NEW YORK, October 24, 2013 — We were waiting for the jitney to take us to the train station after a day and a night of gambling in Atlantic City. I had not done too well with the horses at Caesars, but there is nothing new about this. There were a few of us standing around. The lady with the white hair stepped up and said, “I know who you are and perhaps you can explain.”
I asked her how she knew me and she said that there are pictures of me on my books, and she had read my books, some of them.
“The one I liked best,” she said, “you know, something about Moriah. How you and your family managed to escape and survive the Nazis.”
She was 88 – told me this proudly and frankly – and she worked as a librarian in some small town in New Jersey. She liked to play the slots, but mostly she came to Atlantic City for the frivolity, the bright lights and occasional good company.
She liked being around young people and laughter.
People always say they have read your books, but that is seldom true. But she was legit, this lady, a tiny woman, elderly yes, but lively with young eyes. She even quoted from that book.
“But you are mistaken,” she said.
Okay. Everybody is a critic.
“No,” she said. “I liked your book very much.”
“So how am I mistaken?”
“You say you survived.”
“My dear – nobody survived.”
I asked her to tell me something about herself. She laughed. “How much time do you have?”
As it was, the jitney was scheduled to pull up in five minutes. So that was about all the time we had. Five minutes.
She was born and raised in Poland, in a town that I forget. Lodz, perhaps. She worked as a nurse. “I had beautiful blonde hair,” she said, “and I looked like them, so they kept me. The others, the Jewish ones, they let go, the nurses and the doctors. So I did not tell them I was Jewish and I saw.”
She spoke matter-of-factly, without emotion.
“What did you see?”
“The nurses that came over from Germany to run the hospital, they went row after row looking for newborn Jewish babies.”
“And they took these babies by the heels and slammed their heads against the walls. The nurses did this.”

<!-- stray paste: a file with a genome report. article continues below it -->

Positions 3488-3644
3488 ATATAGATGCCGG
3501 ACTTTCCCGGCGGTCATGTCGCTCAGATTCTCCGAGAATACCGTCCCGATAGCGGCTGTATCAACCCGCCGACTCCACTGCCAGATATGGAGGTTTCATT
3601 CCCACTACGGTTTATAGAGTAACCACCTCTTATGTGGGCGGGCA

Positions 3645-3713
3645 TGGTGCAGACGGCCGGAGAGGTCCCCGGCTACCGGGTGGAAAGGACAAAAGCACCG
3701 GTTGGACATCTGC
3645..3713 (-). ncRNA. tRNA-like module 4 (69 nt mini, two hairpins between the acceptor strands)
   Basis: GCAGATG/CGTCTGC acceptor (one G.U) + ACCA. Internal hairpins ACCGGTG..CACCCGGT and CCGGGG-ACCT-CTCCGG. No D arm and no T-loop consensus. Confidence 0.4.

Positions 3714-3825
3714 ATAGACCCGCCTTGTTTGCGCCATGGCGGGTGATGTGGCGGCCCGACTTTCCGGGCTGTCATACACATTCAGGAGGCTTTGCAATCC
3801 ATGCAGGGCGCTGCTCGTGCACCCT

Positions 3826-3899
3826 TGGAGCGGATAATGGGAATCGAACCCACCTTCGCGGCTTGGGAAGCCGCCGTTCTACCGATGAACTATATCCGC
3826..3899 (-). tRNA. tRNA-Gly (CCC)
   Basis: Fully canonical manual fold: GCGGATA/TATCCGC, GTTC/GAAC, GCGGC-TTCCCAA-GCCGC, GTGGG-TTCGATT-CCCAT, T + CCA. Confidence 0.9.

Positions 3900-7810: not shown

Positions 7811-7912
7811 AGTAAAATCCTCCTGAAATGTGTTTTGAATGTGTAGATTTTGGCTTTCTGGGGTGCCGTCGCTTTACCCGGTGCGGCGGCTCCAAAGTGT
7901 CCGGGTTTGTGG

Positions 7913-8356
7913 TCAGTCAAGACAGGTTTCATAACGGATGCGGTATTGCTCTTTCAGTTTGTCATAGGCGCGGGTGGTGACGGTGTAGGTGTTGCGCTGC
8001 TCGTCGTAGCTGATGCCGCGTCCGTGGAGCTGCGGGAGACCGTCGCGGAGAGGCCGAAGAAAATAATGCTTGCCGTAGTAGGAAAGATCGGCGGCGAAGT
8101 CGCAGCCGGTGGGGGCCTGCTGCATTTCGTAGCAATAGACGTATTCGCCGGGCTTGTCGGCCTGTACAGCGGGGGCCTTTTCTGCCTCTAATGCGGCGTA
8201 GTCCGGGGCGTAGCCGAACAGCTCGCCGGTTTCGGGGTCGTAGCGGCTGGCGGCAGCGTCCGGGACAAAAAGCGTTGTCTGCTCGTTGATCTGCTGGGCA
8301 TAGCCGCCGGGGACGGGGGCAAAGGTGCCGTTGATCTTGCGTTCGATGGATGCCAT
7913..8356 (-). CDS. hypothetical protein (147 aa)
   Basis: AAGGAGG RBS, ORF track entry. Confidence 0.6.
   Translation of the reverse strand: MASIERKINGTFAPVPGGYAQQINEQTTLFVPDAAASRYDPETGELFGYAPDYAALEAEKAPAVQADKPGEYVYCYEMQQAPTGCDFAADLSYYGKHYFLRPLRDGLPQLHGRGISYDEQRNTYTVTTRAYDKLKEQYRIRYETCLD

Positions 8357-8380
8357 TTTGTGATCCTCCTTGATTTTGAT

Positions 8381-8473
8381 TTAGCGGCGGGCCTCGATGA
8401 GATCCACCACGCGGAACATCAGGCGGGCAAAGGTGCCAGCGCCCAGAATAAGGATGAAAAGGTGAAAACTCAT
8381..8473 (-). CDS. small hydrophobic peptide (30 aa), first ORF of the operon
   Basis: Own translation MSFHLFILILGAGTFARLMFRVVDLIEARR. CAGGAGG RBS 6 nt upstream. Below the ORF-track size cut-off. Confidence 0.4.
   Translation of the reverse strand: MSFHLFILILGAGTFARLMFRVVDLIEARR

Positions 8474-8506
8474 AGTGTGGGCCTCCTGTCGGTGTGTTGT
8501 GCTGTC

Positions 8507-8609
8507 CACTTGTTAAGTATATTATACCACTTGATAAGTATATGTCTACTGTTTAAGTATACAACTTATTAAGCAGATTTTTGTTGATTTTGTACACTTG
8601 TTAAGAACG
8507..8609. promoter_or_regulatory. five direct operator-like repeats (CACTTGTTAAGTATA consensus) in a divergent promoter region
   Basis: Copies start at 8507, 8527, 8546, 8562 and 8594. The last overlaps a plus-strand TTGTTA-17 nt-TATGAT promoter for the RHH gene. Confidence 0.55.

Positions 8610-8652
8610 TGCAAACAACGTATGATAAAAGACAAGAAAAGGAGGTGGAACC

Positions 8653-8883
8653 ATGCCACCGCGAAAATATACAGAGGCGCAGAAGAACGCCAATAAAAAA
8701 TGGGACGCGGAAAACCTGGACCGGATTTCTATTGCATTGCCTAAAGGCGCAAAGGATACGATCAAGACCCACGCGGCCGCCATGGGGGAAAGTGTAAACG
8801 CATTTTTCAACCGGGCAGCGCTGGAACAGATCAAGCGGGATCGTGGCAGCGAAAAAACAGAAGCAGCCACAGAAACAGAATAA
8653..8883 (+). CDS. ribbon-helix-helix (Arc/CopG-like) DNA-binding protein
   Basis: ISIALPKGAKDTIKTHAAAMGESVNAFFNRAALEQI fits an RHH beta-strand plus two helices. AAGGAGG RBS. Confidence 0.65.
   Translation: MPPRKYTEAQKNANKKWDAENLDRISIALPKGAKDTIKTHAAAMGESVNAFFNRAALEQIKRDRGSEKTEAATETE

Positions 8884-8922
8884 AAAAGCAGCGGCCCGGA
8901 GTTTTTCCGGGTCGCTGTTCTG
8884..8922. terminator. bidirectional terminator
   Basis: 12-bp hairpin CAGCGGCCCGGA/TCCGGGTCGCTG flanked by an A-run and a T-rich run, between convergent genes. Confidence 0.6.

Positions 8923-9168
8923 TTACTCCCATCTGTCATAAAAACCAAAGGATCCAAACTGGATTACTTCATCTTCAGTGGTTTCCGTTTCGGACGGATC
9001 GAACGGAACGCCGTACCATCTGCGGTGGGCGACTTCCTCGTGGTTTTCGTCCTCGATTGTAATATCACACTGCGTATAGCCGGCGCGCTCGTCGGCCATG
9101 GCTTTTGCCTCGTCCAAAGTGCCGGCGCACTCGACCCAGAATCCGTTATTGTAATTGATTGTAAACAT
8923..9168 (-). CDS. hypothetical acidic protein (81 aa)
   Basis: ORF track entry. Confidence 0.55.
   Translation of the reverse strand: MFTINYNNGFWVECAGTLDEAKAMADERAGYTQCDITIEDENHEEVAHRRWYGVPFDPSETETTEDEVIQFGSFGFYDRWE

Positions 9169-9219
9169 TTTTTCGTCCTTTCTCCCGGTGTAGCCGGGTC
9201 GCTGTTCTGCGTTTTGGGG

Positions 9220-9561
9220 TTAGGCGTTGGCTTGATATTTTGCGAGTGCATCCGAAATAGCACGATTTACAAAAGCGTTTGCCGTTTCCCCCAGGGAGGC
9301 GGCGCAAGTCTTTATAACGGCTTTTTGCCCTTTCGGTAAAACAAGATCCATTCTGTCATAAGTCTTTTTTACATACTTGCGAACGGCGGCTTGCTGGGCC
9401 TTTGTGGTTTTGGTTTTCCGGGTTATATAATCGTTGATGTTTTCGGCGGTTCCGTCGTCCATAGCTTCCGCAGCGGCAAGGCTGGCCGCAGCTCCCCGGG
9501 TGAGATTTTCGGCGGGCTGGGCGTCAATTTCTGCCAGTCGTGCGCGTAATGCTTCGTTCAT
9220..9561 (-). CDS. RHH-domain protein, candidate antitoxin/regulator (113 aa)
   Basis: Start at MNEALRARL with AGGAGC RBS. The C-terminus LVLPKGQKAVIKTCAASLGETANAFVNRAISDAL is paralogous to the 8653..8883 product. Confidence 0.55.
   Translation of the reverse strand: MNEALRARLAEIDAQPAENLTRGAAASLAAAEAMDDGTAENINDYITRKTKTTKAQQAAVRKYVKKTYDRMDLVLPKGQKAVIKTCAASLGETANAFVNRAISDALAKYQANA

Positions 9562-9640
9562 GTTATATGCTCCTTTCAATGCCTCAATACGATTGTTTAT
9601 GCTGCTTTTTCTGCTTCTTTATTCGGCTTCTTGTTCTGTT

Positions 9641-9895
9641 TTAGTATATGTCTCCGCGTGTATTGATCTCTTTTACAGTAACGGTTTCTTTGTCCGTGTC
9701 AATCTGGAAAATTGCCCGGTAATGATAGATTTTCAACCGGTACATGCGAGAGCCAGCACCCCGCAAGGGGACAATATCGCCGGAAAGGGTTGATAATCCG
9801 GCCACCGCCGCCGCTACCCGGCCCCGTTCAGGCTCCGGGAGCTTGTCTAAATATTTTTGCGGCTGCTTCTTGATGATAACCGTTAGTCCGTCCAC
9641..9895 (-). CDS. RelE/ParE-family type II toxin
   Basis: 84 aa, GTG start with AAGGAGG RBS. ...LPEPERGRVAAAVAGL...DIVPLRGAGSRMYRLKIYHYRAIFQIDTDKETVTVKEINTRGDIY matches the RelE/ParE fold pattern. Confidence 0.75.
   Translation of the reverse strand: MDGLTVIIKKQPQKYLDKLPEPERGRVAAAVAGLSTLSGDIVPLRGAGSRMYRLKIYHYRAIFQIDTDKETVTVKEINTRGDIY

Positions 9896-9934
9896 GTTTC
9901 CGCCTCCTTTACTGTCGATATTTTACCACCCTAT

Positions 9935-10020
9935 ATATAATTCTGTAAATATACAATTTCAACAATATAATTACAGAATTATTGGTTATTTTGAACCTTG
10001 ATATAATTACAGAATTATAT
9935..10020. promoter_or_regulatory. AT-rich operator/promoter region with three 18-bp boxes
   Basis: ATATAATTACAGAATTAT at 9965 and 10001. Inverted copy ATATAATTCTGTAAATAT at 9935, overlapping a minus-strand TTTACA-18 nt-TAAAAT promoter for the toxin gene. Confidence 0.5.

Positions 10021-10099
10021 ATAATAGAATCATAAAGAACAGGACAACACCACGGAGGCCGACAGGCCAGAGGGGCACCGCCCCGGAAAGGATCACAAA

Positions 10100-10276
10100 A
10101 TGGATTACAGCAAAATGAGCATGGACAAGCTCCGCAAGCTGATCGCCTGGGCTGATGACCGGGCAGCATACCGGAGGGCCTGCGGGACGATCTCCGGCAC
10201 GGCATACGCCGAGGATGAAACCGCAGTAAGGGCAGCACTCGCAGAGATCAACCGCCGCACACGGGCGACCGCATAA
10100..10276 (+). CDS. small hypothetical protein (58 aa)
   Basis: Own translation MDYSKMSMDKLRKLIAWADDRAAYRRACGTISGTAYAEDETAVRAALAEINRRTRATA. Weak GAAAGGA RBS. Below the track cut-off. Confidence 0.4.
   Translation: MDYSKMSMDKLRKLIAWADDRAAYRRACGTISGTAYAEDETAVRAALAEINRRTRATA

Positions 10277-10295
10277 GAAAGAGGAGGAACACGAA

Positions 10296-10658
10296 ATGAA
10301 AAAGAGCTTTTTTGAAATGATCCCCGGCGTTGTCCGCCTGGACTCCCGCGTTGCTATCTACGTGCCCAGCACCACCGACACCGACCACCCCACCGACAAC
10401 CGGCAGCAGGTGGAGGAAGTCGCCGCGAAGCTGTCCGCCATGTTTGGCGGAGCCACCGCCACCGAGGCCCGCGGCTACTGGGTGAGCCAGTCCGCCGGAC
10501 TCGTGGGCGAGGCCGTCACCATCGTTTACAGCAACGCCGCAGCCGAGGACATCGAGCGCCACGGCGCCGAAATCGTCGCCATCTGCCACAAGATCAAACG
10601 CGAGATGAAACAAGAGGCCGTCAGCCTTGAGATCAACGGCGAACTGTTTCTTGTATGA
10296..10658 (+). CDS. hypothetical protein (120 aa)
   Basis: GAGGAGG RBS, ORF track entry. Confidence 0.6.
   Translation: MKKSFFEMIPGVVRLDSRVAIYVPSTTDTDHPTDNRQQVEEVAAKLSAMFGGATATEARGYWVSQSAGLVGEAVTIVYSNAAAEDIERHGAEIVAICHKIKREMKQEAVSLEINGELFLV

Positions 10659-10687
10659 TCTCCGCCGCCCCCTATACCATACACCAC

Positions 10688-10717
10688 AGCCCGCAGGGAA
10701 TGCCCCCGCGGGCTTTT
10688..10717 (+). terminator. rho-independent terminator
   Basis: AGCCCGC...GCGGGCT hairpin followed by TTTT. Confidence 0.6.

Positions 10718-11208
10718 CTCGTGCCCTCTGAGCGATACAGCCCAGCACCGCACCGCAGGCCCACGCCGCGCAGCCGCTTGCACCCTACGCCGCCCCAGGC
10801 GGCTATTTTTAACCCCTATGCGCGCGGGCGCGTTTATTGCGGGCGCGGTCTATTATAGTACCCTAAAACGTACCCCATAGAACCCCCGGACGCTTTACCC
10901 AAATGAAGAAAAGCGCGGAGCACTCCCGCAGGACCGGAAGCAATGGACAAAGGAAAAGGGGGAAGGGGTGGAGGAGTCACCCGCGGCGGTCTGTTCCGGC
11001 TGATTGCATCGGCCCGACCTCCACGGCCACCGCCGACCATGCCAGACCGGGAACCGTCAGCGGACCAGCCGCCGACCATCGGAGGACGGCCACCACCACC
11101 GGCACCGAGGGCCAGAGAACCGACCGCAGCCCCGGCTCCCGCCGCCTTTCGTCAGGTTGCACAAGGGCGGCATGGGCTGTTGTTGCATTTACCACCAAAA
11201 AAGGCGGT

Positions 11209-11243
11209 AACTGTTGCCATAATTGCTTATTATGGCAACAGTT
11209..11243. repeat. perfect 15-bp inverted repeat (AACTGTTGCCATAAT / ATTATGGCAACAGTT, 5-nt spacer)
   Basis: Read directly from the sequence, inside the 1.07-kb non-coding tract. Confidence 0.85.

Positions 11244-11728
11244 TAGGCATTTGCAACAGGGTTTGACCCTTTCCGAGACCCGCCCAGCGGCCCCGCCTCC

The jitney was just beginning to make its turn from Pacific Avenue, so it was on time.
“What happened to you?”
“I spoke up, and I paid.” She showed me the death camp tattoo, but still unemotional.
“One day,” she said, “I will tell you how I came to America. This is a wonderful country. Why do they hate us so much?”
“Maybe,” I said, “because we are a wonderful country.”
“Why do people hate Israel so much? You are a writer. You should know.”
“The best of us only ask questions. We leave the answers to people who know nothing.”
The jitney arrived but had to wait for some stragglers from Trump Plaza.
“We have given so much to the world and still they hate us. I have just read another article, in The New York Times, I think, where these people want another solution. I know about solutions. Hitler – may his name be erased – had his own solution. Today the solution is to do away with Israel and replace it with an Arab country, replace it with people who hate us and even kill each other by the thousands. These people should rule Israel, the way the Nazis ruled. Intellectuals are demanding this. Journalists are saying this. Can you imagine and do you have an answer?”
“Yes I can imagine but I do not have an answer.”
I told her that she should not read The New York Times if she wants to stay healthy.
“This is like it was back then, when I was young, and then they started with boycotts, then beatings, and then they came for my father and mother.”
“I know how it was.”
“But it is also how it is. It is happening again. The signs are everywhere. No. We did not survive.”
We boarded the jitney and she disappeared into the crowd.
New from Jack Engelhard, the 25th anniversary edition of the international bestselling novel, Indecent Proposal
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